Susceptibility to Threatening News and Opposition to Refugee Resettlement: The Case of Japan
47 Pages Posted: 24 Jul 2018 Last revised: 27 Nov 2019
Date Written: November 25, 2019
A prominent explanation for opposition to refugee resettlement is that natives who are directly exposed to and feel threatened by the influx of refugees are more likely to oppose refugee resettlement. Despite the increased prevalence of politicians' rhetoric against refugees and news articles implying refugees as potential terrorists, however, natives' susceptibility to threatening information---even in the absence of real threats---has yet to be fully investigated. To address this issue, we conducted a survey experiment in Japan, where real threats imposed by the influx of refugees are virtually non-existent. Our results demonstrate that natives become more strongly opposed to refugee resettlement when they are exposed to frames that depict refugees as threatening, regardless of the proximity to the location of potential threats and refugee resettlement. Further analysis focusing on subgroups, however, shows that conscious and positive interactions with outgroup members could make those natives less susceptible to anti-refugee rhetoric and threatening frames.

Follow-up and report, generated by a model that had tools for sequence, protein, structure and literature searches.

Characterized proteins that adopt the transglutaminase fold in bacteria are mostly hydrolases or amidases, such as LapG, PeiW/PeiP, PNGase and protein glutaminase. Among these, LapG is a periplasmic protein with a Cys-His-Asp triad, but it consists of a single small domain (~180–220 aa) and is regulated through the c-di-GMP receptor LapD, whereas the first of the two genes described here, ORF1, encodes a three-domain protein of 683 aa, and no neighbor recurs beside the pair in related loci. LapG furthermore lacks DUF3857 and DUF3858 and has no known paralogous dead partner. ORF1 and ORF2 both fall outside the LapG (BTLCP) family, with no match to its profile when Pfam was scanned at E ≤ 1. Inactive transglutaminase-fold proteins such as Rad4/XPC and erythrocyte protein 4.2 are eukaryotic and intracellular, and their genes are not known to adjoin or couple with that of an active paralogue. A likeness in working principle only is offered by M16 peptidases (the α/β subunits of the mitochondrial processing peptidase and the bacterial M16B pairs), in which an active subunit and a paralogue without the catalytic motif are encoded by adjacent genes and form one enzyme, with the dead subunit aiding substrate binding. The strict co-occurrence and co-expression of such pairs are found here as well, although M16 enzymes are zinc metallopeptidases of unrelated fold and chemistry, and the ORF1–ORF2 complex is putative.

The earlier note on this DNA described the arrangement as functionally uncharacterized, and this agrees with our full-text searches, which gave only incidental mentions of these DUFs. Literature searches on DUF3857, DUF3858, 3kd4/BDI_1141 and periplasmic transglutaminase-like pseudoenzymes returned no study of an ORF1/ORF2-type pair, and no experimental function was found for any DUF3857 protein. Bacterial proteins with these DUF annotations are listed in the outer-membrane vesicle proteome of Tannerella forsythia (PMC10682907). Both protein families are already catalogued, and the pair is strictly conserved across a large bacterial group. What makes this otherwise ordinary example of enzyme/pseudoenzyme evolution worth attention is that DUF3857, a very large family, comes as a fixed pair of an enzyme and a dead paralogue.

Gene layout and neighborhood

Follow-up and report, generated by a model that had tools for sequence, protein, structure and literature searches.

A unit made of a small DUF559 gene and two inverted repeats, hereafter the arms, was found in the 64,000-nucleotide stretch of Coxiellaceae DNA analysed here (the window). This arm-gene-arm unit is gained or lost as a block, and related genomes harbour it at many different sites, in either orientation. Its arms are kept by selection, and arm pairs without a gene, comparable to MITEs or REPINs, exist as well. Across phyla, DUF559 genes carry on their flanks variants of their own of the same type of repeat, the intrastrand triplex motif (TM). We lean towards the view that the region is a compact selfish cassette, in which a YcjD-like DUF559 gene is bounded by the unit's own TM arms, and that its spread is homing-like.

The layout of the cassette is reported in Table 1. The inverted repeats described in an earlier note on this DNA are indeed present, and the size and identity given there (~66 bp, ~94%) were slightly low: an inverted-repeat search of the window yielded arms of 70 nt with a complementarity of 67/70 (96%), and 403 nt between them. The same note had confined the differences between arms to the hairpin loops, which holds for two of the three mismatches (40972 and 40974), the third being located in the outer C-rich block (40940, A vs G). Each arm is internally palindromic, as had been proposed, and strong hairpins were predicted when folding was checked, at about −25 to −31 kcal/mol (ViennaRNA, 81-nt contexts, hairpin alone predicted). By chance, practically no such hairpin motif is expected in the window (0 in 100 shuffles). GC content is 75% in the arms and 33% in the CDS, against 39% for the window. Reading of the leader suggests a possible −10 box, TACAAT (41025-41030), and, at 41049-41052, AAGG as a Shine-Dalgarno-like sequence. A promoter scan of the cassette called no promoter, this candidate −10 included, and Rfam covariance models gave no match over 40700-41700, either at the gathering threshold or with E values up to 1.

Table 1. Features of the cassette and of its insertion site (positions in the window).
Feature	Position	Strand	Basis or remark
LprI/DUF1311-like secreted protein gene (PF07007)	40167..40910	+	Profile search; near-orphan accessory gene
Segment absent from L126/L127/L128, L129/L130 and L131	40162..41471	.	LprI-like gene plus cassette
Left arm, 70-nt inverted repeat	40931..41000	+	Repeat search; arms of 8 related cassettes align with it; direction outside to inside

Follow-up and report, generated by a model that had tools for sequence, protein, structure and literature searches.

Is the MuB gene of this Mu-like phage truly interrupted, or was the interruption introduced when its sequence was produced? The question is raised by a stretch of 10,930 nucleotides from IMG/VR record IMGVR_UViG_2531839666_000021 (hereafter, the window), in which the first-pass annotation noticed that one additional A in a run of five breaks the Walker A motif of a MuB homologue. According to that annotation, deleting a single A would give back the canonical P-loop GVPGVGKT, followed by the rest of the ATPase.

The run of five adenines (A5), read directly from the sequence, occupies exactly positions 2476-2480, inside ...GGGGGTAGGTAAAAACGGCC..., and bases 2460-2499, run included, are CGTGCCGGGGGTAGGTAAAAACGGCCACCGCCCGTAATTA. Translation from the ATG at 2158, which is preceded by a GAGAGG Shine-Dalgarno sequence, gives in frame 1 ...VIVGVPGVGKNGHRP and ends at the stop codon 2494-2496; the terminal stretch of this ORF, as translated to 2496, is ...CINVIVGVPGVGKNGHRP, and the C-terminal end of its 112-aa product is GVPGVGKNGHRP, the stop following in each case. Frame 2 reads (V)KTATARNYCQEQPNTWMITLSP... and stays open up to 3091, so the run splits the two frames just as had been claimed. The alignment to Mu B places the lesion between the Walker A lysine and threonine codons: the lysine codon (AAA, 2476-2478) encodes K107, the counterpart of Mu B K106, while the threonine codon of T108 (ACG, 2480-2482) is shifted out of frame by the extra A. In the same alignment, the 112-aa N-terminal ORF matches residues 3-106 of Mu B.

Keywords: perceived threat, intergroup relations, framing effect, contact theory, refugees, Japan
JEL Classification: D72, D80, F22, J15, J61
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